If you ever want to have a real good time, hide on a rooftop somewhere and blast the sound of the TARDIS landing from a set of powerful speakers. I promise you that you will see at least a couple of people come tearing out of their homes looking for The Doctor. I also promise you that if they find you they will not be happy. Remember kids, guns don't kill people, crushed nerd dreams kill people.
I don't blame those people who come running for two reasons. First, I totally understand. Doctor Who is the ultimate fantasy vehicle because it involves any regular person randomly stumbling across grand adventure. It's like Jesus meets Gandalf and there are lasers and dinosaurs involved somehow. If you can't get enthusiastic about that then I hope your horrible unlife is ended when a box of TPS reports falls on your head.
Second... it's not impossible that some of it isn't true. Hear me out. I've already talked before about how we've already invented a sonic screwdriver, and discovered something that is very close to the Weeping Angels... which is wonderful because according to Steven Moffat the original statue that inspired the Angels was gone when he tried to go back and show his son. So yippee, we're all going to die.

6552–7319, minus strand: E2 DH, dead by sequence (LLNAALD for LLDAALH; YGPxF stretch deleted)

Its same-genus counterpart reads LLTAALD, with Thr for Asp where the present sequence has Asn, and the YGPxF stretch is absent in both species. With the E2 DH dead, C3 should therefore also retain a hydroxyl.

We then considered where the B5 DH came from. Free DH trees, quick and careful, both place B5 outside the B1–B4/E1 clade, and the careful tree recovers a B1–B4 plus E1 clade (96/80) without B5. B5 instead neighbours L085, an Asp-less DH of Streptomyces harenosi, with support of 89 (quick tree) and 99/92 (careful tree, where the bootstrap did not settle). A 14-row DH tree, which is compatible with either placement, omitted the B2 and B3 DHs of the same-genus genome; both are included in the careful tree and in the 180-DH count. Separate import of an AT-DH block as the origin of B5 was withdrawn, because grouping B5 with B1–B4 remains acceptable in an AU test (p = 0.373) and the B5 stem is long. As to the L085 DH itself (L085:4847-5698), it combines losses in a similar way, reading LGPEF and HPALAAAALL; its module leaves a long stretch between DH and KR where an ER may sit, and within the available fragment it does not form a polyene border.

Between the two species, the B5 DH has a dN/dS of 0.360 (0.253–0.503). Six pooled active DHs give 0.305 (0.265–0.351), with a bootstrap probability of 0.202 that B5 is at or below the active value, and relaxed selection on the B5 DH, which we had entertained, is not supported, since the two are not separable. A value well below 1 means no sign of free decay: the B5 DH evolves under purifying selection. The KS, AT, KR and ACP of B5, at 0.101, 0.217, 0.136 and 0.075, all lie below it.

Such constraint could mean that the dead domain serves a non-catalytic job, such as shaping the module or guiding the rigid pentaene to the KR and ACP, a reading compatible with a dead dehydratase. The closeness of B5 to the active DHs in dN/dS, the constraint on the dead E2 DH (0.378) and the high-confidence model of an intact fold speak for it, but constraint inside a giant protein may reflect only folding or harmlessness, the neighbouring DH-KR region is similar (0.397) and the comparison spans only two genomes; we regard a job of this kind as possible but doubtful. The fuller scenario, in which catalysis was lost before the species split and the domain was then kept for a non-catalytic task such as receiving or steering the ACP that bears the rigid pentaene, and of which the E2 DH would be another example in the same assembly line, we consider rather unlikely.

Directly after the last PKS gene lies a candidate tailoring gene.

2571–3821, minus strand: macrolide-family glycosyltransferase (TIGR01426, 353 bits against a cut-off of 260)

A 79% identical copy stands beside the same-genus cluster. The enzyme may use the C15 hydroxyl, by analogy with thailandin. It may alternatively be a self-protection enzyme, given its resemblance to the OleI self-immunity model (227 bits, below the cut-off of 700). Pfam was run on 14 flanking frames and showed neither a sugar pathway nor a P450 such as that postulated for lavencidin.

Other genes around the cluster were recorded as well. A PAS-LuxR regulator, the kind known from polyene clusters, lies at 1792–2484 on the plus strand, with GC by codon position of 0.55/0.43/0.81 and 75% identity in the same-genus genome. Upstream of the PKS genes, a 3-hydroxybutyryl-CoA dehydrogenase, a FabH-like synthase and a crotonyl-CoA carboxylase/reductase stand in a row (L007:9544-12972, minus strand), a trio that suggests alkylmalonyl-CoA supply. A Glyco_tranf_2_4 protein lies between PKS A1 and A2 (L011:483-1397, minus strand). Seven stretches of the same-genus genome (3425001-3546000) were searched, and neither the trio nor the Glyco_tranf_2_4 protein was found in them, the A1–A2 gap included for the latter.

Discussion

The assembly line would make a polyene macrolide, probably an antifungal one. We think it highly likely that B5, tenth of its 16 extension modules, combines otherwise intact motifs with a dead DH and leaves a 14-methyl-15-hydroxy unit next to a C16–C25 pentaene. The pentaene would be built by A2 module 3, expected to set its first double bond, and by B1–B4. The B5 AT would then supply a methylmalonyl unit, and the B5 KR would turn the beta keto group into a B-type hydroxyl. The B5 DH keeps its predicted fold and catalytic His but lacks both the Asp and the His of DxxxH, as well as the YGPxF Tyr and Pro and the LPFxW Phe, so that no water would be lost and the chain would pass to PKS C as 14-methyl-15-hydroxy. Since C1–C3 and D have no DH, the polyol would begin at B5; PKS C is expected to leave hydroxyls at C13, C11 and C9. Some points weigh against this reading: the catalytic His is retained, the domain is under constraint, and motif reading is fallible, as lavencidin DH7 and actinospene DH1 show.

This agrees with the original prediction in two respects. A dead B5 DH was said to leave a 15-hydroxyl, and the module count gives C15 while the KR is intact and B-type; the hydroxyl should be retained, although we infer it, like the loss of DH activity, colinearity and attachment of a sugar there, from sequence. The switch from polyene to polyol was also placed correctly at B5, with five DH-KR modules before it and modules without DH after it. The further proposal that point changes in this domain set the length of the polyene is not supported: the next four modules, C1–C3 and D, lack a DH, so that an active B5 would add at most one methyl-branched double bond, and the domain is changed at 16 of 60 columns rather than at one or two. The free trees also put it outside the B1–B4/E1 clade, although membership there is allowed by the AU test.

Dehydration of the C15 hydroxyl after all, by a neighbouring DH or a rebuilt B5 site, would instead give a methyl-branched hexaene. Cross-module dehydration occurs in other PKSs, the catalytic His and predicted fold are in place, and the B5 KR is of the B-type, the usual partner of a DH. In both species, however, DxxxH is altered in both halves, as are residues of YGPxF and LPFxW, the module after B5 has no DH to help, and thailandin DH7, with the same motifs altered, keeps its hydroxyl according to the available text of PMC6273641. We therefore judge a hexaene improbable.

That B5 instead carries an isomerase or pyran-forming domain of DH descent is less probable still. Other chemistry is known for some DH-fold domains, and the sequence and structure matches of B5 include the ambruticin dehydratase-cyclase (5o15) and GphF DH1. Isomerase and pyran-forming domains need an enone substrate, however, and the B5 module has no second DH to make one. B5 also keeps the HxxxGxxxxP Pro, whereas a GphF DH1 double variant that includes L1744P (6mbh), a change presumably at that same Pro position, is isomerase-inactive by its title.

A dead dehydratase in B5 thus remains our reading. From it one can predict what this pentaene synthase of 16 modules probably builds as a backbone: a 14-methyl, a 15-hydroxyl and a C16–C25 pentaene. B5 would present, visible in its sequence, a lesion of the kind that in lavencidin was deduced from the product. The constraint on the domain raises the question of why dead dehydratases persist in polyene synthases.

There's also some pretty damned strange pictorial evidence that the whole thing is actually true.
This clay tablet is from the archives of the Mycenaean palaces at Pylos and Knossos. The language is called Linear B, and dates back to at least 1450 BCE. Its predecessor, Linear A, remains undeciphered. If you'll turn your attention to the center you'll see a figure closely resembling a Dalek, though experts say it's just body armor. Other pieces from this collection mention slaves and what looks like it might be a tally of the dead.
It's worth noting that most tablets of Linear B that have been deciphered are detailed lists, with no prose or narrative. Exactly what you might expect from a civilization under the control of the cold, merciless Daleks. Shortly after the time of the tablets begins a period called the Greek Dark Ages, where the mighty Knossos palace was abandoned following a series of disasters. Knossos is supposed to be the location of the mythical minotaur and his labyrinth, a creature The Doctor has also met.
This isn't the only time the Daleks have shown up in ancient works of writing and art. These images are from Garton Slack archaeological sites in East Yorkshire, and date from the Iron Age. Though they have human, if genderless, faces the figures have the oddly triangular Dalek bodies, and what even look like possible plunger and lasers along their sides.
You may call it reaching, but whereas the experts dismissed the Mycenaean figure as armor, they are actually referred to as Dalek-like in a 2004 text called An Archeology of Images dealing with ancient Celtic icons.